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Drug Possession Defense In Texas: Understanding Your Legal Rights

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Despite changing public attitudes toward possession of certain drugs, particularly marijuana, law enforcement and prosecutors still take these crimes seriously in Texas. Each year, over 100,000 arrests are made in Texas for drug possession crimes – almost half of those for marijuana alone.

Nationwide, more people are arrested for drug possession crimes each year than any other category – including violent crime, property crimes, and DUI. Drug arrests account for 1 in 10 arrests each year across the nation and approximately 1 in 7 arrests in Texas. Racial and economic disparities in drug arrests also remain high, despite efforts to bring attention to these issues and reduce profiling by law enforcement.

If you have been arrested or charged with drug possession, you are not alone. Most importantly, you can’t fight this battle alone. You will need a skilled Pearland drug crime defense attorney to confront the state’s charges against you and avoid serious penalties.

Texas Law and Penalties for Drug Possession

The Texas Controlled Substances Act, enacted at the beginning of the “War on Drugs” in 1973, regulates drug crimes in the state and imposes harsh penalties for possession, distribution, or manufacture of narcotics.

Controlled substances are divided among different penalty groups under the Act, with varying penalties for each group of drugs. These groupings are based on the effects of the narcotics and potential for serious harm or addiction. Punishment for possession of serious drugs such as cocaine, methamphetamine, or opioids can include six months to 2 years in jail (or more) and fines of $10,000. While punishment for small amounts of less dangerous narcotics can include up to six months in jail and/or fines of at least $500.

No matter what the drug or the amount possessed, penalties for drug crimes in Texas will often involve heavy fines, potential jail time, potential suspension of your driver’s license, probation, and mandatory drug abuse treatment. In addition, there are usually personal and professional ramifications. A drug conviction can lead to denial for certain job applications, denials for apartment housing, and problems obtaining loans or college scholarships. Depending on your occupation, a drug conviction can also lead to termination of employment.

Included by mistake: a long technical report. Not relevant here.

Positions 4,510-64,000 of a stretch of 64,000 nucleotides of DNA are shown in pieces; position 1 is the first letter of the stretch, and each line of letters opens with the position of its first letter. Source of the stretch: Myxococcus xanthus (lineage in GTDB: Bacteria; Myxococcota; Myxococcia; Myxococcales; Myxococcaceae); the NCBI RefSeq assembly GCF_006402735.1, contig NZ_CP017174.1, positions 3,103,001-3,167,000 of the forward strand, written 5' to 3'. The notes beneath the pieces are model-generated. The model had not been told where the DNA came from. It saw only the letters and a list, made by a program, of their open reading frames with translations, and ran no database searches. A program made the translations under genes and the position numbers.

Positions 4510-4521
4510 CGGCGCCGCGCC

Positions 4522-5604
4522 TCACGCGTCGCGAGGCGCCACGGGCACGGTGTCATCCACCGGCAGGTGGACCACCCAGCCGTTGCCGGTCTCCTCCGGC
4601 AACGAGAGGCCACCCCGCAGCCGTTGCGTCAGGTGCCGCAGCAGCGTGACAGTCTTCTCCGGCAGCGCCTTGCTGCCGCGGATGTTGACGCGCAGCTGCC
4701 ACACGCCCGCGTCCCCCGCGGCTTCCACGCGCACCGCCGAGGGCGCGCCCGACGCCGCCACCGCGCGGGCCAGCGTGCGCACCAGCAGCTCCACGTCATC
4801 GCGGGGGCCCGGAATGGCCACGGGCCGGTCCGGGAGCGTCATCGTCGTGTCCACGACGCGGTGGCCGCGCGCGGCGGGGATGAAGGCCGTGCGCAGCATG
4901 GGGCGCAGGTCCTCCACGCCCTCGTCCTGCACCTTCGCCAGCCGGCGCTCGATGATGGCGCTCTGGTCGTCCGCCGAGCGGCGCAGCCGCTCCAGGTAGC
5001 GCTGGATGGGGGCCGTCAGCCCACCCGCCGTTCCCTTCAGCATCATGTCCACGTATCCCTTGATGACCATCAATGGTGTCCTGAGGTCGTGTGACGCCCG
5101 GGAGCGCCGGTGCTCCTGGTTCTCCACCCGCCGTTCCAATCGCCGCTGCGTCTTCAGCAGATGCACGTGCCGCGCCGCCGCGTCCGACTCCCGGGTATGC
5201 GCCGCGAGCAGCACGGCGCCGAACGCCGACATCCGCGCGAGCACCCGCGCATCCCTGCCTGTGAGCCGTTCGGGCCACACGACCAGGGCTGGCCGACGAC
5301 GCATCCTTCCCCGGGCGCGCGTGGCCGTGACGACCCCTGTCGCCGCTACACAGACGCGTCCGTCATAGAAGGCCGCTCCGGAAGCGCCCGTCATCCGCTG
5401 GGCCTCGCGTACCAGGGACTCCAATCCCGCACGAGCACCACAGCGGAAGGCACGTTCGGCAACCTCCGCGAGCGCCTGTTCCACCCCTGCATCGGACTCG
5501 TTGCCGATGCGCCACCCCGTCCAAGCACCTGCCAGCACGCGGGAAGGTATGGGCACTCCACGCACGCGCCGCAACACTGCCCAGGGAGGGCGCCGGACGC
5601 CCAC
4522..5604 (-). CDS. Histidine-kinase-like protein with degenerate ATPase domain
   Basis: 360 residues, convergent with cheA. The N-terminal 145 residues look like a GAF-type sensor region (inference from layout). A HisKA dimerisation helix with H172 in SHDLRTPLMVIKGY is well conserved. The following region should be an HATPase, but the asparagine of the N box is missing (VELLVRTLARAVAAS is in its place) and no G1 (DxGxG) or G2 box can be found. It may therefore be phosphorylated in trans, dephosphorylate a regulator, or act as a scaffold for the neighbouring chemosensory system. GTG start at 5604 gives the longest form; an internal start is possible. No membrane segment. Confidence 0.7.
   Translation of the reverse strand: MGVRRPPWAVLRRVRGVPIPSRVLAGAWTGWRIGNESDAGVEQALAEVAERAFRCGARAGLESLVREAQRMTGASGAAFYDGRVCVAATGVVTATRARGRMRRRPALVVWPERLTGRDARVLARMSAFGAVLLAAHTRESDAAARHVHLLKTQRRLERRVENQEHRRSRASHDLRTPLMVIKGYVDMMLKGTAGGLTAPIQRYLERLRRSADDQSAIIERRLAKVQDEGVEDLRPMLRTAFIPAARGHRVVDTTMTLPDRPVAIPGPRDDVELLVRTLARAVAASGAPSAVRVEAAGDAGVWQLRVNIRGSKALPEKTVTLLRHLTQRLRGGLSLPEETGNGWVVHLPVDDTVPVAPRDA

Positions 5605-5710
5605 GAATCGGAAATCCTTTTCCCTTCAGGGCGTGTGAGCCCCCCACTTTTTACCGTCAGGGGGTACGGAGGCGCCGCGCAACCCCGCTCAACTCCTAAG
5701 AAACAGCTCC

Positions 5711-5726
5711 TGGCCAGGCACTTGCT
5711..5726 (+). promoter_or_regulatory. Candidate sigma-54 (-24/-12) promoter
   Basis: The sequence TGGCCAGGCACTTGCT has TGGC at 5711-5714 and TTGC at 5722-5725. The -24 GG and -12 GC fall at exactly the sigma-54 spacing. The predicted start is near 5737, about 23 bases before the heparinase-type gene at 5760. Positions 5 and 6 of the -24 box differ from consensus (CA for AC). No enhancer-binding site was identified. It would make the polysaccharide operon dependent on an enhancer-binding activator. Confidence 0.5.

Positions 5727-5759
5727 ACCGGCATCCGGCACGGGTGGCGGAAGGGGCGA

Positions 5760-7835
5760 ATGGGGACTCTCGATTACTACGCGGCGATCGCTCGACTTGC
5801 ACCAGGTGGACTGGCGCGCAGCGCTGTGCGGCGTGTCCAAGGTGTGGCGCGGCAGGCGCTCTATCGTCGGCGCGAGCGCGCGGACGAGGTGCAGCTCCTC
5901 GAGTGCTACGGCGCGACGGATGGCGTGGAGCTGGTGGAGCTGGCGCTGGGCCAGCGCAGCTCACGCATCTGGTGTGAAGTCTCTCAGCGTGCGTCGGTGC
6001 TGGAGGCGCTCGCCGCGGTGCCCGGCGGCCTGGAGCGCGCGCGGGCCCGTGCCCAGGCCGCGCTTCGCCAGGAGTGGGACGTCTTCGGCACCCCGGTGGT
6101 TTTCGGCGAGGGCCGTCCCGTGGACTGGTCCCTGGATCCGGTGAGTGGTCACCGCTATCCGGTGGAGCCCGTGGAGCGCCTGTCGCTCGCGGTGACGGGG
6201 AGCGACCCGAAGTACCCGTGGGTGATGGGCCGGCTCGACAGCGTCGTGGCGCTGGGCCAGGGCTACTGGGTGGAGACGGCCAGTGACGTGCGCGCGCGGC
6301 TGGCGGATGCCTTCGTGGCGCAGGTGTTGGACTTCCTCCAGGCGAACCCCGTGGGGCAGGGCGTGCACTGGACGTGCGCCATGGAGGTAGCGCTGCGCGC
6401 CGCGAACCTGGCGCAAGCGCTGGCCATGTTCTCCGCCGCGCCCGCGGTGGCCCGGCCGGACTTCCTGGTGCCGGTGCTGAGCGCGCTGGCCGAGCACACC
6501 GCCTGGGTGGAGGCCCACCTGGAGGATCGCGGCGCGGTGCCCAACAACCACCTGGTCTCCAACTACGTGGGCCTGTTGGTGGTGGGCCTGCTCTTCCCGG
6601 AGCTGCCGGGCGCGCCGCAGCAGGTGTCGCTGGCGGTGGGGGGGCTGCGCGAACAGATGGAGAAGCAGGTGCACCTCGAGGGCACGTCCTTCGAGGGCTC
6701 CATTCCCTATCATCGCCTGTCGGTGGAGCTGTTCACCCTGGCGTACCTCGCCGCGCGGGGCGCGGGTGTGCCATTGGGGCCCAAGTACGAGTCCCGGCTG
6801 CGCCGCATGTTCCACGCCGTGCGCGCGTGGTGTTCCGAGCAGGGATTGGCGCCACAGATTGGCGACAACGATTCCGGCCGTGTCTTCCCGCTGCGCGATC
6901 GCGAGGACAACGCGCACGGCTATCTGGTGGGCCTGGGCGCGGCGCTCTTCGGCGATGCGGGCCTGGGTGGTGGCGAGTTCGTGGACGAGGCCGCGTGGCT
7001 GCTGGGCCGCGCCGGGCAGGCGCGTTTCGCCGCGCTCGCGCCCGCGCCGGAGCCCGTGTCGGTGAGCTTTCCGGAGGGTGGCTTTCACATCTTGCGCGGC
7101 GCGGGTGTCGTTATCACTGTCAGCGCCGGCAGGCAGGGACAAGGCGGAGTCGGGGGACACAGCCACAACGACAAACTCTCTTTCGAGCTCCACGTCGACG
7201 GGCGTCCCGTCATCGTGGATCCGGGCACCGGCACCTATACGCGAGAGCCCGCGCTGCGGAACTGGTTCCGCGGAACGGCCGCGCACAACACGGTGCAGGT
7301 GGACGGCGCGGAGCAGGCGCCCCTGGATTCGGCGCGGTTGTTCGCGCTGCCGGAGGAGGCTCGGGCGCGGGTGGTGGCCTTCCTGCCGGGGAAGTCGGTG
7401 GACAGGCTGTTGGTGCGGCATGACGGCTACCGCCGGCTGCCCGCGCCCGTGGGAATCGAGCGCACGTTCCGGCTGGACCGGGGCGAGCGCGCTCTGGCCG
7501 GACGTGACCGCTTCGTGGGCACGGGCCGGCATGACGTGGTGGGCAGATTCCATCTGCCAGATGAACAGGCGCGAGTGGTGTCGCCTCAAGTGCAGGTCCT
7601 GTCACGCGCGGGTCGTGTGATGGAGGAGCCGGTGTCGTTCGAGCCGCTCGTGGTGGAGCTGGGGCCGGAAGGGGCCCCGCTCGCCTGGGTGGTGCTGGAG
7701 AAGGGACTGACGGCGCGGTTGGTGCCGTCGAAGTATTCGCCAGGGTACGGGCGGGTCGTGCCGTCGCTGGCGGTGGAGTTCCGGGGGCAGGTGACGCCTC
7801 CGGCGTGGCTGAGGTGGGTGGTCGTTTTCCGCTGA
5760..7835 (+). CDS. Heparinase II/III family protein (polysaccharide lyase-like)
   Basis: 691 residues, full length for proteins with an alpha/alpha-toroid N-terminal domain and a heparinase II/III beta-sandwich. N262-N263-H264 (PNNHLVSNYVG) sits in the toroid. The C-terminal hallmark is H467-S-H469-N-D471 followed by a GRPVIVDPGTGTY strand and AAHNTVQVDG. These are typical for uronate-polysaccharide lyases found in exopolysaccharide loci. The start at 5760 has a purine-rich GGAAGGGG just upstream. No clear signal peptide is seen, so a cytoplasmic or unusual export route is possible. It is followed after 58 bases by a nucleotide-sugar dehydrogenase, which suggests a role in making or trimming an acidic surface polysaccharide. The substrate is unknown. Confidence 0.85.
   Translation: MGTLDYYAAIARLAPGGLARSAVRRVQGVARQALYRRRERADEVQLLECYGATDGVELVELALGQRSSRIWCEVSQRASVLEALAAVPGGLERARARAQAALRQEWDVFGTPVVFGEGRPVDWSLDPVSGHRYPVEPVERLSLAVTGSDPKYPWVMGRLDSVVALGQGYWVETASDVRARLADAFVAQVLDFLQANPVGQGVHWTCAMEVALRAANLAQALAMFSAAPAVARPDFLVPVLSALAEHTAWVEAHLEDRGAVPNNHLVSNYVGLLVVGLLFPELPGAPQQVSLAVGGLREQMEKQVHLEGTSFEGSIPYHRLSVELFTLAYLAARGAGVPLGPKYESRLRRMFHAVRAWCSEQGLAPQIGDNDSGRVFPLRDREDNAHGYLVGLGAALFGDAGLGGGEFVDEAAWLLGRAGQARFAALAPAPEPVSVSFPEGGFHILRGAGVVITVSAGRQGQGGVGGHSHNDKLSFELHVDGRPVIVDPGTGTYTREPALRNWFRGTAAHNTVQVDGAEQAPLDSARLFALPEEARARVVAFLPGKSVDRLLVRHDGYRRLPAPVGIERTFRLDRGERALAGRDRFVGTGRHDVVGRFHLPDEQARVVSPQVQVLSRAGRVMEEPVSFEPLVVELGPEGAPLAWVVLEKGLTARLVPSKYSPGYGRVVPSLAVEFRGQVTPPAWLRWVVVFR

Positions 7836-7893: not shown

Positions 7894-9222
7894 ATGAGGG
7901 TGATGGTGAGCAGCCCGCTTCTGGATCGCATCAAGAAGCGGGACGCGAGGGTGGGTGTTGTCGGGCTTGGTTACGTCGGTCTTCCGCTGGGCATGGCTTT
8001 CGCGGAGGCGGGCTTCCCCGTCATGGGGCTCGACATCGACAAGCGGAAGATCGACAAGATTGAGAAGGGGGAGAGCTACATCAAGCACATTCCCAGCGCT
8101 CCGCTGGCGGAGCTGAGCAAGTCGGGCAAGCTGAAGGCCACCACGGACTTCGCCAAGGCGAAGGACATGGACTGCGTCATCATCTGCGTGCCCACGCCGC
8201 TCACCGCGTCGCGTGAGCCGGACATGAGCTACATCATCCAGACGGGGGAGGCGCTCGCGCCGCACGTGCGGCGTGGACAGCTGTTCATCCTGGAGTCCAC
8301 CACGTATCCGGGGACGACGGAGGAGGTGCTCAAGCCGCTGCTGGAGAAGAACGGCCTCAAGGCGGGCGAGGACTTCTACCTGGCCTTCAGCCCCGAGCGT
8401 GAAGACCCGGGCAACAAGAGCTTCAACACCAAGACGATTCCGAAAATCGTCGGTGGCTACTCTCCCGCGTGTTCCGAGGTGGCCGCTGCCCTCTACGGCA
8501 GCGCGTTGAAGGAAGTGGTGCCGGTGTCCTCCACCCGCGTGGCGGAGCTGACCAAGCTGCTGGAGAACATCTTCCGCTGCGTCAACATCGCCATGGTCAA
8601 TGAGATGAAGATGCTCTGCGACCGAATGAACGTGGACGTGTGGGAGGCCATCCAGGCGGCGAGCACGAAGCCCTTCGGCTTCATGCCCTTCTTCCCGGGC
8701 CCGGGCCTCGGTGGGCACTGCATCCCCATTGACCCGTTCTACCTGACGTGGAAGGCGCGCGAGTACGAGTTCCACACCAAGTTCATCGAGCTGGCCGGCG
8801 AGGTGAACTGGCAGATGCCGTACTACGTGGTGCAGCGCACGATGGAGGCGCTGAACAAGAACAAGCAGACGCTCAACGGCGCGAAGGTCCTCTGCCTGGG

What a Prosecutor Must Prove in a Texas Drug Possession Case

If you have been charged with drug possession, prosecutors must prove that you knowingly or intentionally possessed a controlled substance. This requires that three distinct elements must be shown:

  1. Knowing or intentional: You must have had some knowledge or awareness that the substance in your possession was a controlled substance that you were not legally entitled to hold (via prescription or otherwise).
  2. Possession: You must have had “actual care, control, or management” over the substance under Texas law. This means you either had it directly in your possession, or knew where it was and could direct others to bring it to you. On the other hand, simply being in the vicinity (at a party or while riding in someone else’s car, for example) does not equal possession.
  3. The item was a controlled substance: The substance you are charged with possession must be identified within the Controlled Substances Act as a prohibited item. In many cases, this will require lab analysis if the substance is disputed. (A white pill, for example, could be anything from oxycontin to aspirin.)

These requirements impose a strong burden on the prosecution and also provide a number of potential defenses to those charged. An experienced criminal defense attorney can attack the prosecution’s case and find critical flaws in their evidence.

A drug possession charge also raises potential Constitutional issues based on the manner in which an arrest was made or a substance was seized. For example, if a drug search was related to an improper traffic stop and search of your vehicle, you have Fourth Amendment rights that must be upheld. If your home was searched without a valid warrant, and the search did not fit within any of the limited exceptions to the warrant rule, any evidence found within the home can potentially be tossed from your case as well.

Contact an Attorney Today to Defend Against Drug Possession Charges in the Pearland, Texas Area

Even if a drug possession charge seems minor to you, it can carry serious and long-lasting consequences. Jail time and fines are just the beginning – you could also face repercussions in your career, education, and personal relationships.

To fight for your rights and protect your liberty and reputation, talk to an experienced drug possession defense attorney today. The offices of Keith B. French Law, PLLC, have been there before for people just like you. Call us today at 832-243-6153 or complete an online case questionnaire to get started as soon as possible.

Resource:

dps.texas.gov/sites/default/files/documents/crimereports/19/cit2019.pdf

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